It's like being trapped. Dropping out of school will be magnified if your parents are unemployed and you have come under the juvenile justice system. If you live in particular areas you will find it difficult to overcome the effects of disadvantage. The report Dropping off the Edge 2015 stresses the importance of examining the interlocking of the aspects of disadvantage.

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  • AUSTRALIA

    Pope's pungent pontification against greed

    • Andrew Hamilton
    • 19 July 2015
    14 Comments

    As high level negotiators left the air foetid in Europe and Australia, South America was scented rather more freshly, with Pope Francis ahead in the stakes of providing hope for humanity. He delivered a fiery denunciation of modern capitalism, declaring modern capitalism's 'unfettered pursuit of money' the 'dung of the devil' and accusing world leaders of 'cowardice' for refusing to defend the earth from exploitation.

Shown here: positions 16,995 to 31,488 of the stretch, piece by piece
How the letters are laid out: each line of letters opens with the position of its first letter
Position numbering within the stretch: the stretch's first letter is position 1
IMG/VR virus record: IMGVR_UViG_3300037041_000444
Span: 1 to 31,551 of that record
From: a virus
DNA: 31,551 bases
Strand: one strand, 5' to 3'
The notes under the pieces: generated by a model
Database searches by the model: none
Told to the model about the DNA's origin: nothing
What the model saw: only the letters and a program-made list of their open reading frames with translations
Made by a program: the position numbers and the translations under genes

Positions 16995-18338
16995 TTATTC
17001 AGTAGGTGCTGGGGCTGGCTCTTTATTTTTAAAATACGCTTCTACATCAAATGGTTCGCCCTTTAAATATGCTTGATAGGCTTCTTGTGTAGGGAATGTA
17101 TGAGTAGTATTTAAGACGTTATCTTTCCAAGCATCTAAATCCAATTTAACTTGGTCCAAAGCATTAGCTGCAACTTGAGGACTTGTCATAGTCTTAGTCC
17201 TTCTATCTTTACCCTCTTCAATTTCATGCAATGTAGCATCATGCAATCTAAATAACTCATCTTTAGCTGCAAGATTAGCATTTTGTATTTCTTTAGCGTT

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  • AUSTRALIA

    Pope Francis looks beyond hammer and sickle crucifix chatter

    • Andrew Hamilton
    • 15 July 2015
    17 Comments

    The media declared Pope Francis not amused after Bolivian President Morales presented him with a crucifix superimposed on a hammer and sickle. It turned out that the design was from Jesuit Luís Espinal, who was captured, tortured and killed by right-wing paramilitaries in 1980. It depicted Christ's affinity with workers and peasants. Pope Francis was more interested in the reality of a crucified people than in discussing representations of the crucified Jesus.

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  • Overcoming polarised attitudes to sexual orientation

    • Thomas O'Brien
    • 07 July 2015
    5 Comments